With more sophisticated components being used in diesel engines today, maintenance has become more of a challenge for plant operators and this has been exacerbated by the continued lack of available skills.
Diesel engine component remanufacturer, Metric Automotive Engineering says this situation has been made worse with so many different heavy equipment brands available in the country.
“As a result of globalisation, numerous origi- nal-equipment manufacturers (OEMs) have penetrated the equipment market, and this has meant that plant operators need to cater for all the different machines in terms of parts stockholding. It therefore becomes expensive as the majority of these parts are imported stock and plant operators will need to cater for a wider spread of machine brands than previously,” says Metric Automotive Engineering opera- tions director Andrew Yorke.
He tells Engineering News that being able to maintain a parts stockholding commensurate with the plant fleet is vital to ensure optimum uptime of the equipment, but owing to the cost factor this is not always feasible. Where equipment breaks down and parts are not available locally, companies often have to wait for these to be flown in at a significant cost and this also results in extended unplanned downtime of machinery with the associated additional cost of lost production.
Yorke say this situation has led to an increased demand for Metric Automotive Engineering’s diesel engine component remanufacturing services. It is often more cost effective to remanufacture a component locally than to import the replacement part.
He adds that there is also the advantage that the remanufacture of a diesel engine versus replacing it with a new one is substantially cheaper and the completed engine is put back into service with a new warranty.
“All components are remanufactured to OEM specifications so that when comparing a brand new component with a remanufactured component, they would be within the same speci- fication,” Yorke points out.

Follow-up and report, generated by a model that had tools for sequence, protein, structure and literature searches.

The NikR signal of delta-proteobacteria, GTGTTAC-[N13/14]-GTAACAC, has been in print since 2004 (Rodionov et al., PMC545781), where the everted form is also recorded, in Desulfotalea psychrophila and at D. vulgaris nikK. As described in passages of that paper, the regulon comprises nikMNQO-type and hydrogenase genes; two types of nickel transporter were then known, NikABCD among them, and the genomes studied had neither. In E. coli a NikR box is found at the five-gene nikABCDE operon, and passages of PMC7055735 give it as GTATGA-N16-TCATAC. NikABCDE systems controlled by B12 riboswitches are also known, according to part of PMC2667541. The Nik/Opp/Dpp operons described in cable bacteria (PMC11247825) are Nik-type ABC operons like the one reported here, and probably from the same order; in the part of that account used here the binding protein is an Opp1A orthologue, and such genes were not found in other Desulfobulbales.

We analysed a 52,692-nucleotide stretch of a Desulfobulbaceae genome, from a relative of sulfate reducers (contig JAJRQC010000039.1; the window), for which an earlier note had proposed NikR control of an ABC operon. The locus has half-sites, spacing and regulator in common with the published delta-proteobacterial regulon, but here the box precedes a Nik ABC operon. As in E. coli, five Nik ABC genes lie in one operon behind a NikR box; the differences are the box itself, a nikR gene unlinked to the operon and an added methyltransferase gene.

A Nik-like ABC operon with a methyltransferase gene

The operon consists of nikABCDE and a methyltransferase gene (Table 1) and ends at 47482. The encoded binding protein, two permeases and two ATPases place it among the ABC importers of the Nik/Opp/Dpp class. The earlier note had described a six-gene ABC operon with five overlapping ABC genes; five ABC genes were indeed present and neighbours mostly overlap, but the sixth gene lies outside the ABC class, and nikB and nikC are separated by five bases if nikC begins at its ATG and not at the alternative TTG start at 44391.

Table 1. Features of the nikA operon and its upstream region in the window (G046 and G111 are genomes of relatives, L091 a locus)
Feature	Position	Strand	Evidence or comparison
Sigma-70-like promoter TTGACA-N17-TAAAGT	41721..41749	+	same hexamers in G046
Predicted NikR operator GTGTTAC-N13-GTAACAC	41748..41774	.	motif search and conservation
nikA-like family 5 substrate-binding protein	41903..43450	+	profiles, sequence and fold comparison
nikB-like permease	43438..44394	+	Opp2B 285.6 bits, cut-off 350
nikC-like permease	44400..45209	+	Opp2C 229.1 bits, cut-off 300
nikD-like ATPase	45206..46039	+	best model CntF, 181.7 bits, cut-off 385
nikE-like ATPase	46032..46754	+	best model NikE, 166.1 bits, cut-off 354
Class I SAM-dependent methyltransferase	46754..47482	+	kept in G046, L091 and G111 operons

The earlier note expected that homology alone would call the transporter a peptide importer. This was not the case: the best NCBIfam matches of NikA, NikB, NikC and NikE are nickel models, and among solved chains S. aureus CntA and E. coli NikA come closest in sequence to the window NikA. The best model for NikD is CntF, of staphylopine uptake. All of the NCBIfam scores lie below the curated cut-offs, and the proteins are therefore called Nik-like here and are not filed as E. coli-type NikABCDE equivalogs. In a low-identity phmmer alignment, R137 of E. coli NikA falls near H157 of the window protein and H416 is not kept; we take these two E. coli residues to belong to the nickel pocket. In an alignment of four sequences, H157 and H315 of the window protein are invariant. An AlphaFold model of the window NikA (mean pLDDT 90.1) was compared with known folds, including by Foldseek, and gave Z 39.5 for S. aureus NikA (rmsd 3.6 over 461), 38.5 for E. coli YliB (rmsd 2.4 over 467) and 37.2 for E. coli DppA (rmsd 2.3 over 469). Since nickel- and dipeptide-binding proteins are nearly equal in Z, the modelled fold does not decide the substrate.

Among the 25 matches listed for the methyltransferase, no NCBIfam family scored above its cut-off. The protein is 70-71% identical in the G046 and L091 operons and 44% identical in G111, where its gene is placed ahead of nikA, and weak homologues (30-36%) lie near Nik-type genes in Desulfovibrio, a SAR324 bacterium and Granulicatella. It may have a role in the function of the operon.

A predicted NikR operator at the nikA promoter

He reiterates that all work undertaken by the company is in line with International Organisation for Standardisation standards and customers can reduce costs without compromising on quality.
It is possible to salvage diesel engine components that might previously have been considered as scrap and using the technology available at the company to remanufacture these components.
“That is a huge saving for customers, as engines depreciate and customers have to consider that using remanufactured parts is more cost effective than buying a new component,” Yorke mentions.
Additionally, Metric Automotive Engineering subsidiary and diesel fuel injection service centre, Reef Fuel Injection Services – located in Germiston, Johannesburg – focuses on the maintenance, servicing and repair of fuel pumps and injectors. These components operate at much finer tolerances and, therefore, require frequent servicing and maintenance, he adds.
Yorke notes that, during the life span of an engine, a recalibration of the pump and injectors will be required two to three times before the engine needs to be overhauled.
“Even in tough times, the last thing you want to do is skimp on your maintenance and your servicing because, in the long term, the cost is exponential,” he concludes.